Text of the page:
Plan for Your Business and Family’s Sake


by Jerry Leemkuil, Association Risk Management Services, Federated Mutual Insurance Company




As a spouse, parent or grandparent, have you planned for your family’s long-term future in the event of your premature death or disability? As a business owner, have you taken steps to ensure a smooth transition of your company after you are no longer involved? You may be thinking, “I don’t have enough assets to worry about an estate plan,” or “my co-owner knows what I want to happen to my share of the business,” or even “I have plenty of time for that, I’ll do it later.” Surveys show that you’re not alone:


  • According to a 2019 survey, 76 percent of respondents said that having a will was important, yet only 40 percent actually had one. The most common reason for not having one was that they “just hadn’t gotten around to it.”[1]
  • According to a PwC Family Business survey, only 15 percent of family business have a succession plan in place.[2]


Statistics show that only about 30 percent of family-owned businesses survive into the second generation. Twelve percent are still viable into the third generation, and only about three percent of all family businesses operate into the fourth generation or beyond.[3] Research by the Family Business Institute indicates that family business failures can essentially be traced to one factor: a lack of business succession planning.[4]


On the personal side, if you don’t have a will or trust in place at the time of your death, your assets will be distributed according to state law. These laws generally provide for your assets to pass to your immediate family members (i.e., your spouse and children), but vary significantly from state to state and are rarely in line with the wishes of the decedent. This is especially true if you have a non-traditional family situation. For example, in some states, if some your children are not the children of your current spouse, your spouse may only inherit a portion of your assets, with the rest automatically passing to your children. If you don’t have any children, your estate could be split between your spouse and your parents (again, in some states), regardless of how long you have been married. An attorney licensed in your state can give you more information about how these laws work where you live.


If you don’t currently have an estate and business succession plan in place, you should strongly consider the benefits of proper planning:

  • Your assets will be distributed to the individuals you designate (and they will not have to argue about who gets which items).
  • Assets will pass to them when you want (maybe at a certain age, when your heirs are older and better equipped to handle an inheritance).
  • You, not a court, will determine who will take care of your minor children (the way you want them to be raised).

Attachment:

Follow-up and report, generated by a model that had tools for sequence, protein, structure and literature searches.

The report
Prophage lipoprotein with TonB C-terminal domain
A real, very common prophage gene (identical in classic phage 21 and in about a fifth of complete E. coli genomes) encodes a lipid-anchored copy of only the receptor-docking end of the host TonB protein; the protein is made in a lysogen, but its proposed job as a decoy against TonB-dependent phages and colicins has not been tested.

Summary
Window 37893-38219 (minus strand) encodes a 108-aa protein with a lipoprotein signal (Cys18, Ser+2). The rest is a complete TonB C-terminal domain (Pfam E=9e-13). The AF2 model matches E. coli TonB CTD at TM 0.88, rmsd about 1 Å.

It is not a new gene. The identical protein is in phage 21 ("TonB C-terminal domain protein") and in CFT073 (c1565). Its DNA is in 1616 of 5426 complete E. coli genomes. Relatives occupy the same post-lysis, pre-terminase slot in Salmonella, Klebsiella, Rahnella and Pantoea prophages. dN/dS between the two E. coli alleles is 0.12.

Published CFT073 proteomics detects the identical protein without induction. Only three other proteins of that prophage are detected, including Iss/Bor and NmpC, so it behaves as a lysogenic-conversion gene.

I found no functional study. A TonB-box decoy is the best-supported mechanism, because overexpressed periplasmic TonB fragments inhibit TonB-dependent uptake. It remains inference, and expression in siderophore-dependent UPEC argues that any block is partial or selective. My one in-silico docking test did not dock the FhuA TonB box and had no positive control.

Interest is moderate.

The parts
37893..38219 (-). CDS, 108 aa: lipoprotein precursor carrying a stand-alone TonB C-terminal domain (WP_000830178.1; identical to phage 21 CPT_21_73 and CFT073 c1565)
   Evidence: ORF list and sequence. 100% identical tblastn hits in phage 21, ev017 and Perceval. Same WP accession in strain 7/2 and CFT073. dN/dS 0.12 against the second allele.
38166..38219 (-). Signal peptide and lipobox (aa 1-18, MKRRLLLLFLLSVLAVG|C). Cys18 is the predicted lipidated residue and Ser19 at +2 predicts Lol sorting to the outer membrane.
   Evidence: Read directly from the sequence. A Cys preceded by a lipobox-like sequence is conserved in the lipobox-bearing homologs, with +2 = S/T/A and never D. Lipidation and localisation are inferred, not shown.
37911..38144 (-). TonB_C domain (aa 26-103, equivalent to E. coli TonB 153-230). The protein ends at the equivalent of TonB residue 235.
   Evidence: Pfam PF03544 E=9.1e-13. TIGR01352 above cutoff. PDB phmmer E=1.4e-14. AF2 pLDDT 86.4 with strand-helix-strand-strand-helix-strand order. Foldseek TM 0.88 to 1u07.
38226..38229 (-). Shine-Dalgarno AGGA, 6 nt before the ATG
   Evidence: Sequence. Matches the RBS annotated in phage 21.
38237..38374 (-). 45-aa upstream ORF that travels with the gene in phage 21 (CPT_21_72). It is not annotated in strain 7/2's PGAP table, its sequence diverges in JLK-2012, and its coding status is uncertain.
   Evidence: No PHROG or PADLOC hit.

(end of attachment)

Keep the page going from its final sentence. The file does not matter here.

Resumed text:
• A trusted family member can be appointed to make financial and/or medical decisions for you if you’re unable to do so yourself.
  • If your plan includes a revocable trust, you can avoid the publicity and costs of probate.
  • Your family will have an identified buyer for your business interests when you voluntarily or involuntarily (due to death or disability) leave the business.
  • The purchase price and terms of the future sale of your business are negotiated and documented in a legally-binding buy-sell agreement.
  • If your succession plan consists of passing the business to one or more children who are actively involved, you can make arrangements for non-active children to be treated fairly (with other assets or life insurance proceeds).


Don’t wait and become an unfortunate statistic due to lack of planning. Make sure you have a say in your estate and business succession plans by working with an attorney who specialize in succession planning. If you already have a plan in place, consider periodic reviews to ensure it still reflects your wishes in light of recent changes to tax laws, your family or your business.



This publication is intended to provide general information and recommendations regarding risk prevention only and should not be considered legal or other expert advice. The recommendations herein may help reduce, but are not guaranteed to eliminate, any or all risk of loss. The information presented may be subject to, and is not a substitute for, any laws or regulations applicable to your business. Qualified counsel should be sought regarding questions specific to your circumstances. © 2019 Federated Mutual Insurance Company. All rights reserved.


[1] 2019 Survey,

[2] PwC Family Business Survey 2016,

[3] “Family Business Facts.” Conway Center for Family Business, June 2014,

[4] Family Business Institute